There have been 17,065 new cases of Covid-19 confirmed by the National Public Health Emergency Team (Nphet) this evening.
This comes as almost six in ten adults (59pc) have now received a booster dose, chief medical officer Dr Tony Holohan said. This compares to an average of 32pc across Europe. Dr Holohan says Ireland boasts an “exceptional uptake”.
As of 8am today, there were 1,023 Covid-19 patients hospitalised, of whom 83 are in ICU.
“The primary purpose of vaccination has always been to prevent serious illness and death – Covid-19 vaccines continue to prove remarkably effective in this regard and have provided significant protection to the most vulnerable and to our health system in recent weeks, with the booster dose restoring protection against severe disease to 90pc. At present, just 20pc of people in intensive care have been boosted,” Dr Holohan said.
Dr Holohan said those who have been boosted are less susceptible to infection and, “if infected, are less infectious to others, compared with those who have not been boosted.
“It is important that those who have not yet availed of a booster vaccine now do so; appointments are available through vaccination centres, GPs and pharmacies.
“Finally, it is also very important that those who have not yet availed of any vaccine, for whatever reason, come forward for it as soon as possible. Without vaccination, they remain susceptible to the severest effects of Covid-19. Your GP, pharmacist, obstetrician or midwife will be very happy to discuss any concerns or questions you may have about vaccination,” Dr Holohan said.
Separately, new data has revealed that 756 people aged over 15 years were admitted to ICU with Covid-19 between the end of June and the start of December last year.
Figures published by the Health Protection Surveillance Centre (HPSC) show that men accounted for 60pc of all coronavirus related ICU admission and 56.2pc of all ICU Covid-19 patients were in the 65–74-year age group.
416 (55pc) out of the 756 patients were discharged, according to the report, 248 passed away in ICU (33pc) and 92 are still in ICU (12pc) – including 14 who were transferred to another critical care unit.
The HPSC has confirmed that of those who died, 222 patients were reported as having died in ICU, 17 passed away following a transfer from ICU to a ward or high dependency unit, and the location of death for nine patients has not yet been reported.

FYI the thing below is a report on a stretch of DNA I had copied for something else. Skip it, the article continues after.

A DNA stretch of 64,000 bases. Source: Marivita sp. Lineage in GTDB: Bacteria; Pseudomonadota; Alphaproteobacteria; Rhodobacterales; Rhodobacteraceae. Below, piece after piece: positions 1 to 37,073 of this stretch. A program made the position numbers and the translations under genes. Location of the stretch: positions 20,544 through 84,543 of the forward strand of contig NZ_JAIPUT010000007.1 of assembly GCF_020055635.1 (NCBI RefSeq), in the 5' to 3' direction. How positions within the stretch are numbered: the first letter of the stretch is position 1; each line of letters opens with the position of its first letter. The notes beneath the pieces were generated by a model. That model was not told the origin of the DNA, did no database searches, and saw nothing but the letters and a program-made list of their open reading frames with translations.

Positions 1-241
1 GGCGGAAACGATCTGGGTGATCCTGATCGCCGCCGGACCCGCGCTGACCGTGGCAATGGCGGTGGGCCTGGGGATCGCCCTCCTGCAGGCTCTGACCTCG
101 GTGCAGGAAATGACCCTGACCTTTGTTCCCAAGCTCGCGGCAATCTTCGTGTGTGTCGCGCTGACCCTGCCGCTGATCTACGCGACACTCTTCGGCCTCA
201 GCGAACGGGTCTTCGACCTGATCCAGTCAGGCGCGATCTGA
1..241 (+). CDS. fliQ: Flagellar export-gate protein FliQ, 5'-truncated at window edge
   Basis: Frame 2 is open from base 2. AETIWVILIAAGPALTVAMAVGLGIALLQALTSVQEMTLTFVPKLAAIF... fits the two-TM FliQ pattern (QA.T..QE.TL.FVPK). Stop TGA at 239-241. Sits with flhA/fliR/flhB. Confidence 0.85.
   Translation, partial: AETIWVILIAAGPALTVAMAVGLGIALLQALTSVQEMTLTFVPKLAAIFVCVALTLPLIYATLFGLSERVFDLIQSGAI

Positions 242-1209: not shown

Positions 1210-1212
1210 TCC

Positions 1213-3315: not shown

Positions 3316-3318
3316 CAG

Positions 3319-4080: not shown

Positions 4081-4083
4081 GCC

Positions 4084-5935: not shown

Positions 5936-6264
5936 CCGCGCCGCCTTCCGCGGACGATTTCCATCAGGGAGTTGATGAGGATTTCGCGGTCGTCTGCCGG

Of the 756 ICU patients, 604 had an existing underlying condition at the time of admission. Hypertension was the most common existing illness at 45pc, followed by chronic heart disease (33.6pc) and chronic kidney disease (12.3pc).
The report has also noted a marked increase in the number of women admitted to ICU with Covid-19 during the fourth and fifth waves of the pandemic compared to earlier ones.
The HPSC said there were 38 cases of Covid-19 reported as “pregnant or less than six weeks post-partum” in ICU during wave four and wave five. That is compared to two cases in wave one, one case in wave two and 23 cases in wave three.
Covid-19 vaccination data was available for 37 of the pregnant and post-partum women. Some 34 individuals reported not having received a vaccine, two cases reported having received one dose of a two-dose vaccine regimen prior to infection and one case had received two doses of a two-dose regimen prior to infection.
The HPSC said in general unvaccinated individuals are four times more likely to be hospitalised with Covid-19 than fully vaccinated individuals and 11 times more likely to be admitted to ICU.
Meanwhile, there have been 32 children (aged 0-14 years) reported to the HPSC as having laboratory confirmed Covid-19 and admitted to ICU since the pandemic began.